Not all of us find our path to film this early in life (there are plenty of "late bloomers" in the world of film criticism who are masters at talking about the artform), but I'd say many individuals who are obssessed with cinema do find that they have this concrete affection for this medium of storytelling in the early years of being a teen. Point being, Jackson Murphy, a 17 year old film critic who goes by the name of Lights Camera Jackson, should not be derided for his age when it comes to his criticism of the cinematic arts. On the contrary, his age might provide a unique perspective on certain films, and over a larger career, one can even see how his writing grows or how his affinities for certain sectors of cinema might change.
Unfortunately, the promise of that concept isn't quite fulfilled by his writing. One need only look at his reductive reviews (his review for Inherent Vice dubs the Paul Thomas Anderson film to be "Incoherent Vice", a play on words that even I, the King Of Bad Puns, feel is too sloppy and obvious) and his recent activities on Twitter get your blood boiling on the dude. Now, full disclosure, my writing is not perfect, far from it. I'm sure he'll improve as time goes on, and his reviews from 2015 already have far more nuance than when he was 11 years old and on The Today Show proclaiming Inception to be "too confusing" (yes, that really happened). However, the writing of Jackson Murphy is still egregiously underwhelming, putting easy puns (he closes out his review of The Big Short by noting how he's "...not bullish on its prospects to be embraced by moviegoers and if I had stock in the film, I'd be selling") over insightful critical analysis. But, to be fair here, such pieces of writing on their own would likely just get a handwave from me. After all, I was no Dilys Powell when I was 17, and the kids just writing and enjoying cinema. What's the harm in that?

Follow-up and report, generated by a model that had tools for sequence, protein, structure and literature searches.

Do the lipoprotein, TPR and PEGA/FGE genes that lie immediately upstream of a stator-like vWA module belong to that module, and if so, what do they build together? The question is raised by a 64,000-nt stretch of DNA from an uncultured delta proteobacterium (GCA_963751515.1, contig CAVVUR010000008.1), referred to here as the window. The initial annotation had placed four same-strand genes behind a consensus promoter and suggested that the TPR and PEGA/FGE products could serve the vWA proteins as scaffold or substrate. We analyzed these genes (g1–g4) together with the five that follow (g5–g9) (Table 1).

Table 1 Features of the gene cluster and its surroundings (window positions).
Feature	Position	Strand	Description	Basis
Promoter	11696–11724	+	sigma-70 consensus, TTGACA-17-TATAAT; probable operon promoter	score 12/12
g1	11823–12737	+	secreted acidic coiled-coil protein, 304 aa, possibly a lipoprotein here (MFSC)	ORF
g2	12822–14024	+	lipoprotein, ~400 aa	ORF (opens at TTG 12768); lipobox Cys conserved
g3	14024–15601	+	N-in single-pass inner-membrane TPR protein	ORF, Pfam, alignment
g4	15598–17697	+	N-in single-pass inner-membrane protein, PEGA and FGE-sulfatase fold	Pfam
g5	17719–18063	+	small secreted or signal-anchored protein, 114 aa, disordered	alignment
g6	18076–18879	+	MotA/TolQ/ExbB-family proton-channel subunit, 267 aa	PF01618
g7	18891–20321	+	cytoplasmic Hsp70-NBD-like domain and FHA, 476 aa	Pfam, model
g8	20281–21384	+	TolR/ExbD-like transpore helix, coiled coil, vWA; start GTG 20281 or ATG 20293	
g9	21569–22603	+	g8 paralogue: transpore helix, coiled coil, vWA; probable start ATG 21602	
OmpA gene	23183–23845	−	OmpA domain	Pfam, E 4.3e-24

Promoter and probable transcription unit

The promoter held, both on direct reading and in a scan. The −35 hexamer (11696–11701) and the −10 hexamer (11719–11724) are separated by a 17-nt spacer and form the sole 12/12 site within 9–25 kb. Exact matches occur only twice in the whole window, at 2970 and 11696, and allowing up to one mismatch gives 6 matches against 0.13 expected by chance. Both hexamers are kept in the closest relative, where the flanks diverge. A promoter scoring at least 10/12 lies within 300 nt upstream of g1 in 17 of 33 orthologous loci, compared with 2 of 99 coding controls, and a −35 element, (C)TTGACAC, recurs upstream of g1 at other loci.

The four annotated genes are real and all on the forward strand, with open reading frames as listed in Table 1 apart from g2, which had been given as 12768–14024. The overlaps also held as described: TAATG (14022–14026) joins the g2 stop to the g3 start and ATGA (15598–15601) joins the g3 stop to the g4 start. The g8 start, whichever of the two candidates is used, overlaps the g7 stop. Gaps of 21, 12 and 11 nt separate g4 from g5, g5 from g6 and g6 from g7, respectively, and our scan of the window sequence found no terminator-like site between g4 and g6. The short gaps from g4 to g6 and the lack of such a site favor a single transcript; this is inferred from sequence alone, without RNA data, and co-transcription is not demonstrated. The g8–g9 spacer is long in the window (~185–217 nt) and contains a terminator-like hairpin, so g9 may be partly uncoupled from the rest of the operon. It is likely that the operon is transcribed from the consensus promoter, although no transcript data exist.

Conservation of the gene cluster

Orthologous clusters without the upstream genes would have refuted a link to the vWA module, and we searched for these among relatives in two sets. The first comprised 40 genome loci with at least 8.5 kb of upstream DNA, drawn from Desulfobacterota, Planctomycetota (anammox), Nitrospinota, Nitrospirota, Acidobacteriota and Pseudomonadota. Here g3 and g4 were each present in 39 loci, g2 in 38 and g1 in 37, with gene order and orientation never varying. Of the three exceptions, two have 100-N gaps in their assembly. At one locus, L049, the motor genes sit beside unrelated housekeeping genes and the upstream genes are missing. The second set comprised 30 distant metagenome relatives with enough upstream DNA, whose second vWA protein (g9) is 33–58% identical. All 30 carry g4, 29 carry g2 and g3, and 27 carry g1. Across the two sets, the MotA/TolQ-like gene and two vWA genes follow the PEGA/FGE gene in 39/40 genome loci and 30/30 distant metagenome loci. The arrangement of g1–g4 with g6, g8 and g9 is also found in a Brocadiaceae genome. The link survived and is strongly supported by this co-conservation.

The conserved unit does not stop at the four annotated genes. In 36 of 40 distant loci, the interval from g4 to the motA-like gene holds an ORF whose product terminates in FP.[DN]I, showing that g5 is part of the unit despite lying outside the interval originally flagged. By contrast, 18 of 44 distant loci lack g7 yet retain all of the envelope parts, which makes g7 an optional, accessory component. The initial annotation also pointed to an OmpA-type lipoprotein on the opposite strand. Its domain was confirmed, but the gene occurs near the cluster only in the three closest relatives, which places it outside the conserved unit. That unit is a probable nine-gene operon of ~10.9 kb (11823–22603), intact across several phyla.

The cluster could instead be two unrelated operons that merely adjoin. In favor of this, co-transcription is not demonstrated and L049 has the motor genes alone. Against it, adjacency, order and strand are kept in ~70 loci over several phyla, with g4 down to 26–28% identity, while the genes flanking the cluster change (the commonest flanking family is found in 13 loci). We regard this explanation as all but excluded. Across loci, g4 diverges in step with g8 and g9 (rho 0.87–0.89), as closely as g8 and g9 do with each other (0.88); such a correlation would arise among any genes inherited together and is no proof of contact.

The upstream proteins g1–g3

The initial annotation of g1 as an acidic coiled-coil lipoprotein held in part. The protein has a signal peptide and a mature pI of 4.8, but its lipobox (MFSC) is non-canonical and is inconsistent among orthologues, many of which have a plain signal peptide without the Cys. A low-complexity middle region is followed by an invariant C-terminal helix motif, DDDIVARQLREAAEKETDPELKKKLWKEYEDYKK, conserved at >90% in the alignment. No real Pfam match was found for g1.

Perhaps I should go for a more refined statement to describe Jackson Murphy's actions in this predicament, but I think this simple phrase will sum it up nicely: what an enormous asshole.
Yes, I am aware that 17 year olds do stupid things all the time, I can say that with complete confidence due to experience. But age isn't a 100% excuse for stupidity, just look at the misogynistic ramblings of film critic Jeff Wells. This rings especially true due to the fact that this isn't the first snafu Jackson has had regarding saying terrible things on Twitter to celebrities. He also previously took a photo with Chiwetel Ejiofer, and then on the actors birthday posted the image with the caption "Don't be slave to your diet, have some cake!". His reaction to this Ejiofer caption was the same as his Schumer comments; at first trying to dodge having to apologize, and then tweeting out a half-hearted apologetic remark. Rinse, wash, repeat.
This may be what irritates me most about Jackson Murphy. Not his weak-ass reviews, not his young age, but his inability to learn from his mistakes. We all stumble in life, but the whole point of experiencing those blunders is to grow as a person. It's pretty apparent that Jackson Murphy is not doing any of those things regarding his social media activities. Film critics, no matter the age, should try to offer something of substance to the world of cinematic analysis, bringing new ideas to the table stemming from unique perspectives and ideologies. The only thing Murphy has brought out thus far in his contributions as a film critic is an overdose of misplaced bad puns and slut-shaming.